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When I started as an â€śindieâ€ť developerÂ my target was mobile games. Mostly because I could download the tools for free, try the games for free, and distribute the games fairly easy. It was just a fun thing to do, writing the games in Java and uploading them to my Sony Ericsson F500i â€“ we are talking about 2004 here!
The limitations of mobile devices was awesome, these tiny 128Ă—160 pixel screens, crappy sound, smallÂ file sizes, and low processor speeds. Perfect for my old-school inspired pixel-artÂ games.Â My games were a perfect fit for these devices and the market agreed with many people buying my Orangepixel games and I could slowly build my business from that by releasingÂ a lot of games in a lot of short development cycles (a month at most).
The mobile scene changed quickly, from these crappy phones to ipod-touch, iphones, android smartphones, and the current market.. all that in just 10 years time. Next to my Java code I also learned object-c and ported all my Java code over to Object-C for the iOS versions of my games. Iâ€™ve written about that inÂ previous postsÂ so I wonâ€™t do that again.
In all those years I mostly used my own â€śframeworkâ€ť. I never called it an engine because itâ€™s basically a bunch of classes that take care of the important things. Porting these classes once to another platform or language is most of the work to get my gamesÂ running on other devices. So I had games on android, iphone, blackberry, chromebooks, web-html5, etc.
Last year I decided to take the risk and start working with LibGDX as the â€śengineâ€ť underneath my framework.Â First few games I did ports of the android version to run on the libgdx version just for PC releases, but my last few games are nowÂ fully written in LibGDX for PC,android and iOS release.
I call it a risk because running a business based on the work of an open-source projectÂ or 3rd party engine is simple risky.Â Luckily even the latest release is stable enough to survive for a few more years, so itâ€™s a small risk..
Last year was also the year I decided to fully push towards the PC games market.Â With my backlog of games I quickly got three games released on Steam, learning as I go by tweaking and improving the games, finding the bugs and problems people have with my games on their PC, and basically improvingÂ the â€śframeworkâ€ť for future releases.
I was lucky to have three games available that did good enough on mobileÂ to use them for experimenting on PC. This allowed me to try out different price points, try different marketing tricks, and try various bundle or PWYW sites and see what the results are. I could easily have the games show up in Steam sales or Humble store sales, and meanwhile grow the awareness that OrangePixel was now also available on PC (windows+osx+linux).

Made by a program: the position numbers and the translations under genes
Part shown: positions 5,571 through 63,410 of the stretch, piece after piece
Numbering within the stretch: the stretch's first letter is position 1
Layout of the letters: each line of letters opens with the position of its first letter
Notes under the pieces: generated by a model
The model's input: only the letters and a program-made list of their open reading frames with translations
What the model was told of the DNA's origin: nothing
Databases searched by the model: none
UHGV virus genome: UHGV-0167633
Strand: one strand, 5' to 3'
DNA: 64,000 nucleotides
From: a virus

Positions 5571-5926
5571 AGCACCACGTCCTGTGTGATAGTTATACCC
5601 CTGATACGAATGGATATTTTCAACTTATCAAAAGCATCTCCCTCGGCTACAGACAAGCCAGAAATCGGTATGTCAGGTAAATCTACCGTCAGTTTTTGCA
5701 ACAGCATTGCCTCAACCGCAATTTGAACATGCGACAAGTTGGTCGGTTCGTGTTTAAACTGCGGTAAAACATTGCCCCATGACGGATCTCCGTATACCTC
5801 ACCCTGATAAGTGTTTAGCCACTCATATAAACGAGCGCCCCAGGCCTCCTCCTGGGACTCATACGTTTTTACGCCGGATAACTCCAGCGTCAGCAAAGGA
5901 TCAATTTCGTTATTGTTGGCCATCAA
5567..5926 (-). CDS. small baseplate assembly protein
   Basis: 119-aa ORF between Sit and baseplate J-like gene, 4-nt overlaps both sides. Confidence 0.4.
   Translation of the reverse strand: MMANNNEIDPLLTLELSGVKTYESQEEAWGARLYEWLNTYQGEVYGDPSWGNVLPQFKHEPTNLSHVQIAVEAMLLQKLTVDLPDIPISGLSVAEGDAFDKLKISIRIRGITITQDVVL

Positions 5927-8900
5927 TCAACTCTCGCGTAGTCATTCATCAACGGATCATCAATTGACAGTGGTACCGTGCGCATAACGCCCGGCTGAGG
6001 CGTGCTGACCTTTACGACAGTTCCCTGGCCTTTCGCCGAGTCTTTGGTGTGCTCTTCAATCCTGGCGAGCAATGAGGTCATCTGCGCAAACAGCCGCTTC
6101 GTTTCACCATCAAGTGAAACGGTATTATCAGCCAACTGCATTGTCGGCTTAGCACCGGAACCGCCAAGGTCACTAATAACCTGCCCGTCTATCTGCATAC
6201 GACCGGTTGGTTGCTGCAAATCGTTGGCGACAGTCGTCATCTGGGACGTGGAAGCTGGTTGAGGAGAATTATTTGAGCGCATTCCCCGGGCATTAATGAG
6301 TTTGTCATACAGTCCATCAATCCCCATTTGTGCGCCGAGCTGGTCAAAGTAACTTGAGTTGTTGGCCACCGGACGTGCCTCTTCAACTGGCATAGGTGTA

I learned that PC gamers want options in their menus. They want to tweak things, change resolutions, change input settings, change game settings where possible, and like statistics and other data screens. Usually I shy away from all those things because I like toÂ build the experience, I like to keep things simple and quick: â€śpress button to playâ€ť is my preferred menu system. ButÂ I will change this view and accommodate the gamers, because itâ€™s not hard adding those things to my games.
One major problem wasÂ a small but vocal group of players calling my games â€śmobile portsâ€ť even tho all three of these games have been designed, developed and released on consoles with controller support from day one for platforms like ChromeOS, AndroidTV, Ouya, Gamestick, PS Vita and even 3DS.
In my opinion the only reason that they are looked at like this is that the games have been released on mobile first, so I will change that and release on PC first. In combination with moreÂ options in the menuâ€™s it seems to already pay off withÂ Space Grunts.
The main thing I learned tho, is that I can probably earn more money on PC. Right now Iâ€™m still making most of my income from the mobile (premium and ad-supported) versions -and thatâ€™s even after 10 months of not releasing anything new. ButÂ myÂ PC income has been quickly growing and having bundles, sales, deals, pre-orders, and early-access mean I can stretch those sales for a couple of years per game.
Even tho I am still surviving with paid-games on mobile, that market is rapidly changing.Â Besides that,Â the prices of mobile paidÂ games are at aroundÂ $2.99, but on PC I can ask the value the games have and thatâ€™s closer to $10 (which isÂ like $1 per development-month if you think about it). It will meanÂ I canÂ sell less copies to still survive as developer, and hopefully allowing me to create bigger and more interesting games in the process.
Itâ€™s also very likely that my audience is mostly playing on PC, with many of my games simply being easier to control with a keyboard or controller and many â€śretro lovingâ€ť gamers being older and havingÂ more feeling with sitting behind a PC at night to play a game or two.
Donâ€™t get me wrong tho, mobile is still a market that Iâ€™m not about to leave. Iâ€™d sayÂ 75-80% of my income is still from mobile, but I hope to see that change in 2016 as I plan to release bigger and more PC tailored games. Iâ€™ll release games on iOS and Android for as long as itâ€™s possible and viable, since the tools will allow me to write-once and release on allÂ markets, butÂ ifÂ the paid-market on mobile keeps shrinking, PC will be my go-to platform.